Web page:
DLP Senator John Madigan Quits Party; Alleges Cancer Of Political Intrigue; Will Sit As Independent

Senator John Madigan has announced his resignation from the Democratic Labour Party, alleging a “cancer of political intrigue” and declaring he will sit as an independent for the remainder of his term.

Madigan

Madigan told the Senate this morning that his former office manager had been in contact with the Liberal Party about forthcoming preselections. Madigan told the Senate: “That person systematically ran a campaign of disinformation and disharmony in my office.” [Read more…]


DLP Advertisement: They Call Him Big Mac

Senator Frank McManus was leader of the Democratic Labour Party (DLP) during the 1974 Federal Election campaign.

McManusThe Victorian senator had taken over the leadership of the DLP in 1973, after Vince Gair was forced out.

The double dissolution election was forced upon the Whitlam government after it offered Gair the position of Ambassador to Ireland.

McManus was elected to the Senate in 1955, in the aftermath of the ALP Split that year. He lost his seat in the 1963 election but regained it in the separate half-Senate election in 1964.

At the 1974 election, all five DLP senators lost their seats. The party folded a few years later.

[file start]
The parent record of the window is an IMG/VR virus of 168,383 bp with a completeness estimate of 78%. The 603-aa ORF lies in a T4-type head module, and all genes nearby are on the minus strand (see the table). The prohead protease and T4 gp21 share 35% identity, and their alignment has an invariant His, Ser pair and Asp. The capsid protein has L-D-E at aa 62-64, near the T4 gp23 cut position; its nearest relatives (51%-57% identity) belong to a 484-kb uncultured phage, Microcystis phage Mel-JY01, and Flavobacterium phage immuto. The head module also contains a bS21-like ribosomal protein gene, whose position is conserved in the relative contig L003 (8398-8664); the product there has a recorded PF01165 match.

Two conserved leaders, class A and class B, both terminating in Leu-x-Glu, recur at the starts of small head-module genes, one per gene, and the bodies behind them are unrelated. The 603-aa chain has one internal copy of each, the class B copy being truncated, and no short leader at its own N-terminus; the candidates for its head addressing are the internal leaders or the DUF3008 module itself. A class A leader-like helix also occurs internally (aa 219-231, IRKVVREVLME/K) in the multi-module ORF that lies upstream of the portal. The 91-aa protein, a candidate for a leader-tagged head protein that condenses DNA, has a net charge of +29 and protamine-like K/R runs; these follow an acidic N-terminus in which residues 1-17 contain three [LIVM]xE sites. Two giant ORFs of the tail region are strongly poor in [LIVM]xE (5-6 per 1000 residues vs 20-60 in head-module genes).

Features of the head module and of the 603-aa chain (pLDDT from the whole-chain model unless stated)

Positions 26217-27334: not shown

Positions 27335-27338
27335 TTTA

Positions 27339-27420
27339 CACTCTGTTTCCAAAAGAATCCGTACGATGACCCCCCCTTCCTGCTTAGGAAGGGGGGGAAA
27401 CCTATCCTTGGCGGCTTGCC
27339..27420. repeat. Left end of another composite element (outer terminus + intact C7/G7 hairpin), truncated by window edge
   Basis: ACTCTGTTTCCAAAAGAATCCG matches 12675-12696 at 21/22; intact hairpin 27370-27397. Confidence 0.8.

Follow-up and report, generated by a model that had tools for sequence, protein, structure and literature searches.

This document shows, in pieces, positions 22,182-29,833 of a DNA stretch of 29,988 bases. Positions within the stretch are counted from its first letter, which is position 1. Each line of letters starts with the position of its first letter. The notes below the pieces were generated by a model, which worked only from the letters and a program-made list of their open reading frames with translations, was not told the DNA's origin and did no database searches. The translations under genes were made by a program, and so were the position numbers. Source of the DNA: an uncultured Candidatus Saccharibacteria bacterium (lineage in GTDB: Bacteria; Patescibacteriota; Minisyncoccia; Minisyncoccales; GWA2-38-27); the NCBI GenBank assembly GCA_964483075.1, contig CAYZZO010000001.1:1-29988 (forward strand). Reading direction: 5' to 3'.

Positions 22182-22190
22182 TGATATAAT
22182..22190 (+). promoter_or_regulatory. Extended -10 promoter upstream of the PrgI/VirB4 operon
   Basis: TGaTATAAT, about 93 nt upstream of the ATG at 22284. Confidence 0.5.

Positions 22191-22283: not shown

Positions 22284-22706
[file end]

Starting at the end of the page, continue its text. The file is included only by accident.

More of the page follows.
The DLP was reformed several decades later. It briefly gained representation in the Victorian Legislative Council and Senator John Madigan was elected in 2010. Madigan left the DLP during his term and formed his own party. [Read more…]


DLP 1974 Policy Speech – Senator Frank McManus

This is a partial audio of the Democratic Labor Party’s policy speech for the 1974 federal election.

The broadcast is delivered by the party’s leader, Victorian Senator Frank McManus.

Unfortunately, the recording is incomplete. I have only just under 5 minutes of what I think was a 10-minute broadcast.

McManus lost his seat at the election, as did all the DLP’s sitting members. The DLP’s Senate representation fell from five to zero.

The DLP disappeared as a political force for the next 32 years. It won a seat in the Victorian Legislative Council in 2006, losing it in 2010. At the 2010 federal election, John Madigan won a Senate seat in Victoria.

Two days after his policy speech, a letter from McManus was published in The Australian:

DLP